Edgeworth Box diagrams represent people exchanging tow commodities in pairs, and the ‘contract curve’ traces exchanges where no further exchanges can take place without making one of the pair worse off (Pareto’s theorem). Stuart Kauffman does not tell us why the Edgeworth’s contract curve (1870) is “an embarrassment to Smith” (1723-90). It certainly is not an embarrassment to the Adam Smith from Kirkcaldy – how the invented in Chicago Adam Smith fares is no concern of mine.

Stuart moves on to the Ultimatum Game, supposedly a refutation of Adam Smith. I have discussed that game here several times and shown it consistent with Adam Smith’s Moral Sentiments (1759) and with Wealth Of Nations (1776). Smith makes the important distinction between self-interest as selfishness (which he never excused, nor endorsed – he considered such ideas ‘licentious) by the key consideration of self-interested people as ‘other regarding’, not purely ‘self regarding’, as is mis-interpreted by modern economics and the welfare theorems (perfect rationality and so-called Homo economicus).

The famously misread ‘butcher, brewer, and baker’ example actually states explicitly and clearly the ‘other-regarding’ aspect of the self-interested person in Smith’s example of bargaining, in which he advised you, in pursuit of your self-interest in acquiring the ingredients of your dinner, to address yourself ‘not to their humanity but to their self-love, and never talk to them of [your] own necessities, but of their advantages’ (Wealth Of Nations, I.ii.2: 27-7). That is what being ‘other regarding’ means.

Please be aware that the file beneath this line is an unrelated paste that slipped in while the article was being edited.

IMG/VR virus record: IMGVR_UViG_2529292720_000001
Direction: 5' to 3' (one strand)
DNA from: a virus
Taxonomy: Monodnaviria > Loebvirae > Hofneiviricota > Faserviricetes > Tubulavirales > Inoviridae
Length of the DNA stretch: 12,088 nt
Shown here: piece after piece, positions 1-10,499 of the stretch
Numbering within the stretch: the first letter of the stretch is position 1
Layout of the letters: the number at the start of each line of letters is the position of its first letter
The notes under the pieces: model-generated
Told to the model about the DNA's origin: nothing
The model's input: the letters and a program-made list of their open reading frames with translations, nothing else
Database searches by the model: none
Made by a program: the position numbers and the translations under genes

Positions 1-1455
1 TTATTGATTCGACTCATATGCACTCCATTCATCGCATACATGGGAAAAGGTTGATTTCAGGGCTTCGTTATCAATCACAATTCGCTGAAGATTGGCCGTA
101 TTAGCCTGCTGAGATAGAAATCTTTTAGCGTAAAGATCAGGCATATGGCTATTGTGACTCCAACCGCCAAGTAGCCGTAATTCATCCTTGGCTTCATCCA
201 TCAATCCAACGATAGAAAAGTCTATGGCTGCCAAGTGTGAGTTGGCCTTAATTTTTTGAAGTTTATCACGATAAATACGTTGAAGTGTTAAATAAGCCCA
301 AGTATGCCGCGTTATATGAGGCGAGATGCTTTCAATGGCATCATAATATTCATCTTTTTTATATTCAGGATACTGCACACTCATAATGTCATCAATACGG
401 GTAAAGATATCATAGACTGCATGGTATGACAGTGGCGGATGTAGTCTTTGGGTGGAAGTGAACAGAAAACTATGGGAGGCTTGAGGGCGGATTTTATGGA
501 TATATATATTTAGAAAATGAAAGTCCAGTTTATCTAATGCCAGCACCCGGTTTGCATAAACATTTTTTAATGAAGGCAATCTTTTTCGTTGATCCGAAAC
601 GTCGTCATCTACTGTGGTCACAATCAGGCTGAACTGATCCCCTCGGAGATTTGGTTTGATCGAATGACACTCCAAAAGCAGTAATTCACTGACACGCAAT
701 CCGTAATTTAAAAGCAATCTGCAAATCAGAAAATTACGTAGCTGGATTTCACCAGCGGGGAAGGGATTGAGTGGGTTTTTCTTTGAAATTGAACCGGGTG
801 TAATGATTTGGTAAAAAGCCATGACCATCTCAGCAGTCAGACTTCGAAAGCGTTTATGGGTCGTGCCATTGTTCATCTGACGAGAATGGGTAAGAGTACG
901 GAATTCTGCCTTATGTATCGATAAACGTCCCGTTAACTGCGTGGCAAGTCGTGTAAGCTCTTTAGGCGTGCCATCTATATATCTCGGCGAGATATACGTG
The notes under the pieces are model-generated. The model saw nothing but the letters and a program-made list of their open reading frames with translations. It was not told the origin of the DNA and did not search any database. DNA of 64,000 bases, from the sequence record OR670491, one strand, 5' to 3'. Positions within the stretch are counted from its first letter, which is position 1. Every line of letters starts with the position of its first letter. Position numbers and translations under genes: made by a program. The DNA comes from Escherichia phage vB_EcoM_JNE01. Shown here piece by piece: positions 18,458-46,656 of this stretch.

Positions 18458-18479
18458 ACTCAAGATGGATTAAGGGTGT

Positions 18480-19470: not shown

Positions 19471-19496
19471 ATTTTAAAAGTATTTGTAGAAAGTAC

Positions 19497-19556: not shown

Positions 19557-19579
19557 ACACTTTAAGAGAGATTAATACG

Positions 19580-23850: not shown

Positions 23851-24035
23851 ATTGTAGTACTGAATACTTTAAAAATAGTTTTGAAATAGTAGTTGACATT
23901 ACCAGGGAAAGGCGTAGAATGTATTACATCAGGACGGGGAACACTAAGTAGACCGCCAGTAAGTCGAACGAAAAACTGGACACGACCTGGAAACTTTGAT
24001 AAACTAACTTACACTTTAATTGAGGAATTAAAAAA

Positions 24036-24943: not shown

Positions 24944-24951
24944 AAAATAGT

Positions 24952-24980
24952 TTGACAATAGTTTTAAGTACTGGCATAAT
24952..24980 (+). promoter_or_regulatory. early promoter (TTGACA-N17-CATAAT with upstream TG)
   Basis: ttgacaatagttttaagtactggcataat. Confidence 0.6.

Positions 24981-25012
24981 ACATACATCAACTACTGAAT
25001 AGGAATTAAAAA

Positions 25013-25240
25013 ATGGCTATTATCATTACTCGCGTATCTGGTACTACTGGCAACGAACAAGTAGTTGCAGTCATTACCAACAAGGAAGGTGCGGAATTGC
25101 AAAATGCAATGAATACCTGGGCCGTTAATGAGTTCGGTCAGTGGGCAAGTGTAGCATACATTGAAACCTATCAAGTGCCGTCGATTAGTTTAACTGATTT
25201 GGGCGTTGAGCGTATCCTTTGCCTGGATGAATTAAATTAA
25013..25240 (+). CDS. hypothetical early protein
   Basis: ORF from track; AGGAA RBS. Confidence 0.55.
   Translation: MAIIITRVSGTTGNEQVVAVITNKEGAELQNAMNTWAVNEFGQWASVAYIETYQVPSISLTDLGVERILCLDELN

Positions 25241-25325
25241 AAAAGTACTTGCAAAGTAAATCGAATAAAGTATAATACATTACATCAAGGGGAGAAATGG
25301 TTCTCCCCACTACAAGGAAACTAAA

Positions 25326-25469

It is that bargaining experience that pushes the individual in the Ultimatum game to a decision roughly aligned to a sense of ‘fairness’. Not some independent, anti-market, ethics allegedly suppressed in actual market transactions (which are never tidy nor compressible into Edgeworth’s contract curve). A slight acquaintance with what goes in real world bargaining exchanges would correct that idealized picture. Human behaviour in the real world is not replicated in the mathematical world. Using the latter to predict the former is futile – prices are not set by ‘rational expectations’, as Smithian scholars are well aware, but not listened to.

However, none of this drains 23rd Psalm of its poetic content, I have heard it at too many funerals to forget its beauty, but it is a psalm of a belief and not a statement of the universal reality of its sentiments. Too many tears have been shed in the ‘still waters’ for majestic beliefs to compare with cold realities.